David Brooks writes in The New York Times

Donald Trump now looks set to be the Republican presidential nominee. So for those of us appalled by this prospect — what are we supposed to do?

Well, not what the leaders of the Republican Party are doing. They’re going down meekly and hoping for a quiet convention. They seem blithely unaware that this is a Joe McCarthy moment. People will be judged by where they stood at this time. Those who walked with Trump will be tainted forever after for the degradation of standards and the general election slaughter.

The better course for all of us — Republican, Democrat and independent — is to step back and take the long view, and to begin building for that. This election — not only the Trump phenomenon but the rise of Bernie Sanders, also — has reminded us how much pain there is in this country. According to a Pew Research poll, 75 percent of Trump voters say that life has gotten worse for people like them over the last half century.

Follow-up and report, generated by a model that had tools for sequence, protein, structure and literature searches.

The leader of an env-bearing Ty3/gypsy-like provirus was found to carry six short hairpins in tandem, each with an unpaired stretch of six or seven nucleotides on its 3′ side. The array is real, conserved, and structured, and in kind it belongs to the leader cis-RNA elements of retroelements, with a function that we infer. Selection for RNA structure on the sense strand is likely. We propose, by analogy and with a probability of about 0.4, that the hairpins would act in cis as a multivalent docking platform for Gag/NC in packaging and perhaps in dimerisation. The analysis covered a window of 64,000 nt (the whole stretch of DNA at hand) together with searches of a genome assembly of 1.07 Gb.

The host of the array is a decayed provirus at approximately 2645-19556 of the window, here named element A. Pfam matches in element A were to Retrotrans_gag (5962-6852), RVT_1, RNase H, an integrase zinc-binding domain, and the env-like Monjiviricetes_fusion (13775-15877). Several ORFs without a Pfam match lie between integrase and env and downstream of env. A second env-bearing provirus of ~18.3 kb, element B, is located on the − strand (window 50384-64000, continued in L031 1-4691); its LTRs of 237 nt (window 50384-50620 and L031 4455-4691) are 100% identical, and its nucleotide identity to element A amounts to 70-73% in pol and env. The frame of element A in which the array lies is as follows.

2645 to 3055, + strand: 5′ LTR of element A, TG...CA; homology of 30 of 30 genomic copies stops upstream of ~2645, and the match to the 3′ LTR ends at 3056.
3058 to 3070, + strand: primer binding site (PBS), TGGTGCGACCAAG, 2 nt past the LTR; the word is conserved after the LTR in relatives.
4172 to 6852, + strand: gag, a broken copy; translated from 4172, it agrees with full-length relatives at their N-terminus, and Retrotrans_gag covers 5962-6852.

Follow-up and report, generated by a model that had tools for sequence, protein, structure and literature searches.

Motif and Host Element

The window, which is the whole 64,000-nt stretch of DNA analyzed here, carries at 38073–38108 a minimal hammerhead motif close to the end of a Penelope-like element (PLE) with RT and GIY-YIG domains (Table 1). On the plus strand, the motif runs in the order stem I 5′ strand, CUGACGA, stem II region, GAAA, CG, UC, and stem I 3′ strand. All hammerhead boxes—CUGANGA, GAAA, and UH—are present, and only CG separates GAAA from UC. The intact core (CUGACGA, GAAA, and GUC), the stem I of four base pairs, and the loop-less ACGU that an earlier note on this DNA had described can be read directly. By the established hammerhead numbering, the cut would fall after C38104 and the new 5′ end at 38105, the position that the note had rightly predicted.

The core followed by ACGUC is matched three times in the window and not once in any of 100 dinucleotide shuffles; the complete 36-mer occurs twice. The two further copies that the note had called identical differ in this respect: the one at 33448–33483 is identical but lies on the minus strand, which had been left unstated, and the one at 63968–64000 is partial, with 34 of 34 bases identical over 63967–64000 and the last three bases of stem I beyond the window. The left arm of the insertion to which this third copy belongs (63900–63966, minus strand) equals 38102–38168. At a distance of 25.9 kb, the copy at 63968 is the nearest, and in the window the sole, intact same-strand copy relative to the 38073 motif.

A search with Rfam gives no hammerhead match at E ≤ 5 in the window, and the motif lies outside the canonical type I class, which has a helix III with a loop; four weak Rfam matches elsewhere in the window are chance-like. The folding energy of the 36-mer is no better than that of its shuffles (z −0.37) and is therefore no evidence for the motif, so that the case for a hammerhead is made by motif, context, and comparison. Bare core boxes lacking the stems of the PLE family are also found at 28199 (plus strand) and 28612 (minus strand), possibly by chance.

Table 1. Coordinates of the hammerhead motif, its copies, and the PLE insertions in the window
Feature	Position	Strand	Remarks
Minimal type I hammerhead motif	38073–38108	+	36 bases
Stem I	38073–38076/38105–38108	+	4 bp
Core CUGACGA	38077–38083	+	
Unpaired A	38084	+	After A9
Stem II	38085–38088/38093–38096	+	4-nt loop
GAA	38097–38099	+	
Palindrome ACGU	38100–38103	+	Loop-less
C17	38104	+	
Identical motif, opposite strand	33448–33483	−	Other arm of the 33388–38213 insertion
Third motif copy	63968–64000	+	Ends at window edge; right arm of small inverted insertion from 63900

This declinism intertwines with other horrible social statistics. 

Trump’s success grew out of that pain, but he is not the right response to it. The job for the rest of us is to figure out the right response.

That means first it’s necessary to go out into the pain. I was surprised by Trump’s success because I’ve slipped into a bad pattern, spending large chunks of my life in the bourgeois strata — in professional circles with people with similar status and demographics to my own. It takes an act of will to rip yourself out of that and go where you feel least comfortable. But this column is going to try to do that over the next months and years. We all have some responsibility to do one activity that leaps across the chasms of segmentation that afflict this country.